It would depict Peter David as a homeless man.
Have Iron Man almost use the N-word and have the Kingpin played by Spike Lee.
It got worse, improved when the story just petered out, exchanged with text pages saying that Marvel just hadn't got enough good writers to write all their books and so the readers should have a go. And with the evidence of Marville alone, they may have a point. It is the worst written comic book Marvel ever published. Captain Marvel maintained its sales comparatively to the others which fell off the charts, but Marville dropped further than all. Marville #6 was the worst-selling Marvel book aside from Eden's Trail, #7 was the worst selling of all. Brevoort recalls;
"But I have to tell you honestly, in my opinion, MARVILLE was one of the most inept and narcissistic projects the company has ever put out. It was bad in a way that defies description, as the only audience for the material seemed to be Bill himself. The person I felt most sorry for in this whole adventure was artist M. D. Bright, who wound up drawing the entire run. Bright was hard up for work and willing to do what he had to, but he couldn't have derived a whole lot of satisfaction from working on this series. In a later issue, unhappy with the work Bright had done, Bill made the insane choice to print his dialogue in full script format on top of all of the completed artwork. I don't know if he thought he was emulating the style that Brian Michael Bendis had used on issues of ALIAS or what, but the end result was borderline unreadable as well as being disrespectful to Bright and the work he'd put in. But at this point, Bill was the absolute boss and there was nobody who could easily say no to him, especially on his own vanity project."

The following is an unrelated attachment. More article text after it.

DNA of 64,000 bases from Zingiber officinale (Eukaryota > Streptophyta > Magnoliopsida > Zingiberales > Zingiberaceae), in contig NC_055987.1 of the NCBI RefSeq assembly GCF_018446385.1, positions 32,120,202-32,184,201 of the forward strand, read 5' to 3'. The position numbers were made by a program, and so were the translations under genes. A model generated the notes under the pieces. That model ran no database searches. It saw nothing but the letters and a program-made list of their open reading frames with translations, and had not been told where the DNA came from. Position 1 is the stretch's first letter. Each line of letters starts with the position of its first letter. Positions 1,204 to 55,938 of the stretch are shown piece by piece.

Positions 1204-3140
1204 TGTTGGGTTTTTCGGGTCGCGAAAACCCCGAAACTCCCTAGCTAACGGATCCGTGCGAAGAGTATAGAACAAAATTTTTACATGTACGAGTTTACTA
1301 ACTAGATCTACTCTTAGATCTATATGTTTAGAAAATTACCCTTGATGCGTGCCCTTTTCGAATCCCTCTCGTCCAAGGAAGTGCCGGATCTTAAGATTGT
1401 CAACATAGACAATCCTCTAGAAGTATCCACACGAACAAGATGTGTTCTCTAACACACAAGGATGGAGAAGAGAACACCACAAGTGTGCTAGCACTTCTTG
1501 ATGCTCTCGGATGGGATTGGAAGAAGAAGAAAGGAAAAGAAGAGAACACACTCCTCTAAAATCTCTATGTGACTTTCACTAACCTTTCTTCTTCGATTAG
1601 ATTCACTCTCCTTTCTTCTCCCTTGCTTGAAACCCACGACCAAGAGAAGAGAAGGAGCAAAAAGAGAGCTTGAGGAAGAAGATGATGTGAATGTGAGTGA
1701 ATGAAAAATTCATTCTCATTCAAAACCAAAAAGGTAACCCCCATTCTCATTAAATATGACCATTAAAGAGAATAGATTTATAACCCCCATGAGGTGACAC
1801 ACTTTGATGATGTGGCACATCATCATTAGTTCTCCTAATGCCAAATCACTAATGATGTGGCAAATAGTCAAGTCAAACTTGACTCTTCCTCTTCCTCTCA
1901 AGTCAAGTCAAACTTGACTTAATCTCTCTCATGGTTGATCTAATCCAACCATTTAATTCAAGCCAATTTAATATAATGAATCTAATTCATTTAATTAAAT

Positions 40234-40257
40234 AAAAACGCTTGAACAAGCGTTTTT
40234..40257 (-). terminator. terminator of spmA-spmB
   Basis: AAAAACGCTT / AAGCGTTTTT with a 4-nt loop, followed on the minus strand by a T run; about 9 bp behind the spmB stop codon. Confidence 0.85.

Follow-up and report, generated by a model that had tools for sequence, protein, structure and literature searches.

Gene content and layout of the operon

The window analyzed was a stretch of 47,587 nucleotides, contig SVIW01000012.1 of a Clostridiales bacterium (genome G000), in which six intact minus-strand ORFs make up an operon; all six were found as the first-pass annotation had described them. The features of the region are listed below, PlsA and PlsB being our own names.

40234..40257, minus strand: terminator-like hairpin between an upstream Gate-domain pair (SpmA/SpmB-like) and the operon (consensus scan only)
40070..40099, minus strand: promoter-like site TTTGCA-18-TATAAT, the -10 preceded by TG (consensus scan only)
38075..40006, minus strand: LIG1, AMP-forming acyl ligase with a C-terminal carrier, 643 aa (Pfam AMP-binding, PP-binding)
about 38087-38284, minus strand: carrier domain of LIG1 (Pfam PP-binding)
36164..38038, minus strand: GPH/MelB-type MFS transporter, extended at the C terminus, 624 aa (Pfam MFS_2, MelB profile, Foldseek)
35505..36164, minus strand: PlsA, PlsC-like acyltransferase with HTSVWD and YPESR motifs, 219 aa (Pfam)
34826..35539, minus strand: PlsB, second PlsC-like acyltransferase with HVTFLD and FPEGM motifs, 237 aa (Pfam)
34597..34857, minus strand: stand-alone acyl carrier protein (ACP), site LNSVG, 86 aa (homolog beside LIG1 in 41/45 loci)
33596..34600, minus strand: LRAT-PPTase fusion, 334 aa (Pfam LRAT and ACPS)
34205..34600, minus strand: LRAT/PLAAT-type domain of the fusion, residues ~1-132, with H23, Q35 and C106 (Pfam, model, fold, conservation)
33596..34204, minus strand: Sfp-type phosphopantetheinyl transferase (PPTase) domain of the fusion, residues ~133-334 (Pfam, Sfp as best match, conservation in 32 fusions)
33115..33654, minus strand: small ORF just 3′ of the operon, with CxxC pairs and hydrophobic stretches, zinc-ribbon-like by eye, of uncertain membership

But Tom also shares early plans for that Captain Marvel relaunch from Peter David who was also looking to win, which could have gone a very different way;
"Peter was definitely in it to win it, despite the fact that the deck was stacked against him. So his initial idea was to reach out to his close friend Harlan Ellison and see if Harlan might be willing to write the story with him, and help with the promotion and so forth. And Harlan did come up with a pitch for a story—one that Peter wouldn't tell me himself, but which could only be conveyed to me by Harlan himself. So Harlan called at the appointed time, and laid out for me a story involving the fact that, some years earlier, Rick Jones (who was still switching molecules with Captain Marvel in the current series) had been the Hulk. What Harlan envisioned was a story that revealed at some point during those Hulk black-out periods, Jones as the Hulk had impregnated some woman somewhere and she'd given birth to a Hulk-baby. And now that child would return to create chaos in Rick's life, and by extension Captain Marvel's. I don't know what Peter thought about the idea, we never discussed it really, but I suspect that he may not have been all that keen on it himself, but having asked Harlan for assistance he felt honor-bound to move forward. But there was no way that I could green light a story in which the Hulk, even a non-Bruce Banner Hulk, was a rapist and had conceived a child. I tried to find some reasonable alternative, but Harlan felt that it was crucial to what he had in mind that Rick had to have done the deed unknowingly as the Hulk, and so when that wasn't a possibility, he gracefully exited the project."